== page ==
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Lunch » Tags » Books » Reviews » The Murder of King Tut: The Plot to Kill the Child King - A Nonfiction Thriller » User review

The Murder of King Tut: The Plot to Kill the Child

A book by James Patterson and Martin Dugard

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His-schlock-story in the making

  • Dec 7, 2009
  • by
Rating:
-3
Uber-popular adventure/mystery author Patterson teams up with popular nonfiction author Dugard for this no-reason-for-existence "thriller" about how Egyptian Pharaoh Tut died. While billed as "nonfiction" there are no footnotes or bibliography to source any of the facts, and any facts used in the making of this story are buried in invented dialog and first-person description and thought.

The book moves forward along three parallel tracks - the Egyptian history of Tut, the early 20th-century discovery of his unplundered tomb,, and most annoyingly, Patterson's 21st-century inspiration for writing and "solving" the mystery of King Tut. The first two threads are already well-documented by real historians and archeologists elsewhere, and the third might be meaningful if Patterson or Dugard had done any comparative study of the possible theories for his death by these experts, and then explained how their theory provided the best answer to the historical mystery. You won't find that here, only the oversized ego of an overindulged author.

What you will also find is schlock mystery cliches, ample bosoms (on Egyptian queens? Really? In a "nonfiction" book?), and melodramatic confrontations, probably on par for the genre and level of writing that Patterson aspires to reach. And you will also find plenty of white space, with 100 chapters, an author's note, epilogue, childish maps and drawings illustrating some of the key places and events, all spread thinly across 340 pages of this small format book. I suppose I shouldn't complain about the paucity of text here, given the poor quality and limited usefulness of what does appear, leaving this book teetering on the edge of a one-star "waste of paper" rating.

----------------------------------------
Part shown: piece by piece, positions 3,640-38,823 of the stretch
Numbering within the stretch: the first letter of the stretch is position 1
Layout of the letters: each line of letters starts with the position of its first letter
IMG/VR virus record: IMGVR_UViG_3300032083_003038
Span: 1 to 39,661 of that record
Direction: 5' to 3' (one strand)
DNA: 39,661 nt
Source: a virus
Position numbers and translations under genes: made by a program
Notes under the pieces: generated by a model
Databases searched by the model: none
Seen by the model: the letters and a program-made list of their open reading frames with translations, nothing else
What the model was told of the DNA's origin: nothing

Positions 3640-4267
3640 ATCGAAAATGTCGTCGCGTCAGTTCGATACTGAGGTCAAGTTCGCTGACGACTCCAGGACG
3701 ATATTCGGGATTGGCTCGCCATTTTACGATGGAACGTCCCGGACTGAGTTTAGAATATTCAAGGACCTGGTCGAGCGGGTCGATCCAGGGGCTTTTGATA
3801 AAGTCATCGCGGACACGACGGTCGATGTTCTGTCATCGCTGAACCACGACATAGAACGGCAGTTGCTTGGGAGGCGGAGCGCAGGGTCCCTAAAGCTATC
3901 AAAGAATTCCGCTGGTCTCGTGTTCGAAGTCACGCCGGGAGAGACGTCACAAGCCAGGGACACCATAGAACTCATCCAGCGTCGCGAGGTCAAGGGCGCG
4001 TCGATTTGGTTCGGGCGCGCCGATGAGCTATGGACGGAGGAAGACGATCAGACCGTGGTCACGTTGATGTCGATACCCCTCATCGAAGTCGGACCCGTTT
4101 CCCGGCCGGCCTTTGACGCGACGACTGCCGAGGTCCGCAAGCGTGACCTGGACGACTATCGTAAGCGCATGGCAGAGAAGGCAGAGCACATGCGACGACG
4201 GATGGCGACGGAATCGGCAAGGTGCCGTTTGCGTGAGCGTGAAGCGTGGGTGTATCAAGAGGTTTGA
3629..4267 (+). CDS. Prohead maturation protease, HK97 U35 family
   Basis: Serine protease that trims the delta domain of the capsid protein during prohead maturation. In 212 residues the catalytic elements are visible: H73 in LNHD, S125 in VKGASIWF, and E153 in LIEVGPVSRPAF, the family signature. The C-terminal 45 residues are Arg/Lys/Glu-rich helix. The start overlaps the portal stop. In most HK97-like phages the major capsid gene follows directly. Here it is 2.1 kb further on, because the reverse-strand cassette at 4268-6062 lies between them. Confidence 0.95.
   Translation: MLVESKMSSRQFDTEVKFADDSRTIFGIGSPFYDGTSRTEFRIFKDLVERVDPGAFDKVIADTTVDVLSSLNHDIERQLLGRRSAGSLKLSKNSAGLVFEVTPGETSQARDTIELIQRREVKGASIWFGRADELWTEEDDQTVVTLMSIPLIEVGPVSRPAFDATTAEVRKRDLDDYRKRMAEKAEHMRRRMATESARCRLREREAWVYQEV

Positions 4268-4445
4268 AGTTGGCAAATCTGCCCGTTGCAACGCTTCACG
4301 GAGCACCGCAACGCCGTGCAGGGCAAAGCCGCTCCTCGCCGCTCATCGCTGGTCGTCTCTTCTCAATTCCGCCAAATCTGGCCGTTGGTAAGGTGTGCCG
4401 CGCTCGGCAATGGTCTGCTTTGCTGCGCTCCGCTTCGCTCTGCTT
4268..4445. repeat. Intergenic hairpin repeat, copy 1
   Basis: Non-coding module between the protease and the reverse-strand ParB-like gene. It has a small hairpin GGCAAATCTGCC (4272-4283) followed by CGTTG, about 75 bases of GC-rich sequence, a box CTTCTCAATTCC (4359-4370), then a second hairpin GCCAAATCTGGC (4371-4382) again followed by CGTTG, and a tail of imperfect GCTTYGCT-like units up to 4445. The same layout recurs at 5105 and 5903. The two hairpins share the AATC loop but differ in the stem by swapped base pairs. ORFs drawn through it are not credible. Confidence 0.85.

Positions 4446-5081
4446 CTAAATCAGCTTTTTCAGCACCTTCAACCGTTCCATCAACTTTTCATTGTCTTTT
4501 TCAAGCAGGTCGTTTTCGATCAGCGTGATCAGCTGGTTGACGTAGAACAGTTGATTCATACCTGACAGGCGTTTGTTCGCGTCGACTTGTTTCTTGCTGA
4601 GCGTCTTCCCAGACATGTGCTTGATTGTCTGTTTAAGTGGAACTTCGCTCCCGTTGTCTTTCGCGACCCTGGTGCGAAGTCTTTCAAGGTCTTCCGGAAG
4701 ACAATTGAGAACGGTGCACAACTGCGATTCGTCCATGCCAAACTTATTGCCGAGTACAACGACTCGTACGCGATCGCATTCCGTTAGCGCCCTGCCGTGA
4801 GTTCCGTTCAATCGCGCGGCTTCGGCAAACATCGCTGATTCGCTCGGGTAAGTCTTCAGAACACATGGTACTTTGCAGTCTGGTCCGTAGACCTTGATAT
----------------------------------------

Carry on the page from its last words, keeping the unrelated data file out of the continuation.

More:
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More The Murder of King Tut: The Pl... reviews
review by . June 28, 2010
James Patterson tells us with some enthusiasm, because this book is important to him, that the volume contains three stories: his own tale of how he wrote his history, the adventure of the eccentric Howard Carter who discovered King Tut’s grave, and the life of King Tut and his death. Patterson states that he is certain that Tut was murdered and promises to reveal the murderer.               He writes that he will tell us the truth. …
Quick Tip by . June 28, 2010
history at is best --a good way to be walked thru the pages
review by . June 28, 2010
James Patterson tells us with some enthusiasm, because this book is important to him, that the volume contains three stories: his own tale of how he wrote his history, the adventure of the eccentric Howard Carter who discovered King Tut's grave, and the life of King Tut and his death. Patterson states that he is certain that Tut was murdered and promises to reveal the murderer.     He writes that he will tell us the truth. "It's nothing new for histories to be speculative, but …
review by . March 29, 2010
I am not a fan of James Patterson, which probably comes as a bit of a shock. While I have read several of his books, I am not what you would call a "fan." However, as I was perusing the new books at the library, I came across The Murder of King Tut: The Plot to Kill the Child King by James Patterson and Martin Dugard, a "nonfiction thriller." I decided that, as nonfiction, it may provide more substance than I was accustomed from the author. While there seems to be more research …
review by . October 02, 2009
I am not a nofiction reader. Matter of fact I make a conscience effort NOT to read non-fiction because it's so darn BORING! I concede that most non-fiction books are written to educate and NOT to entertain. I read for entertainment only, so when I do pick a non-fiction book I've done my homework and have tried to pick the "right" one. There were also two other factors in me picking this book. I read my first James Patterson book, Alex Cross's Trial, a few weeks back and LOVED it, and I love historical-fiction …
About the reviewer
Todd Stockslager ()
Ranked #37
I love reading and writing about what I have read, making the connections and marking the comparisons and contrasts. God has given man the amazing power to invent language and the means to record it which … more
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"[The Murder of King Tut]effectively portray the exotic ancient world, including colorful insights into Tut's brief reign." (Bookpage)
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Details

ISBN-10: 0316034045
ISBN-13: 978-0316034043
Author: James Patterson, Martin Dugard
Genre: History
Publisher: Little, Brown and Company
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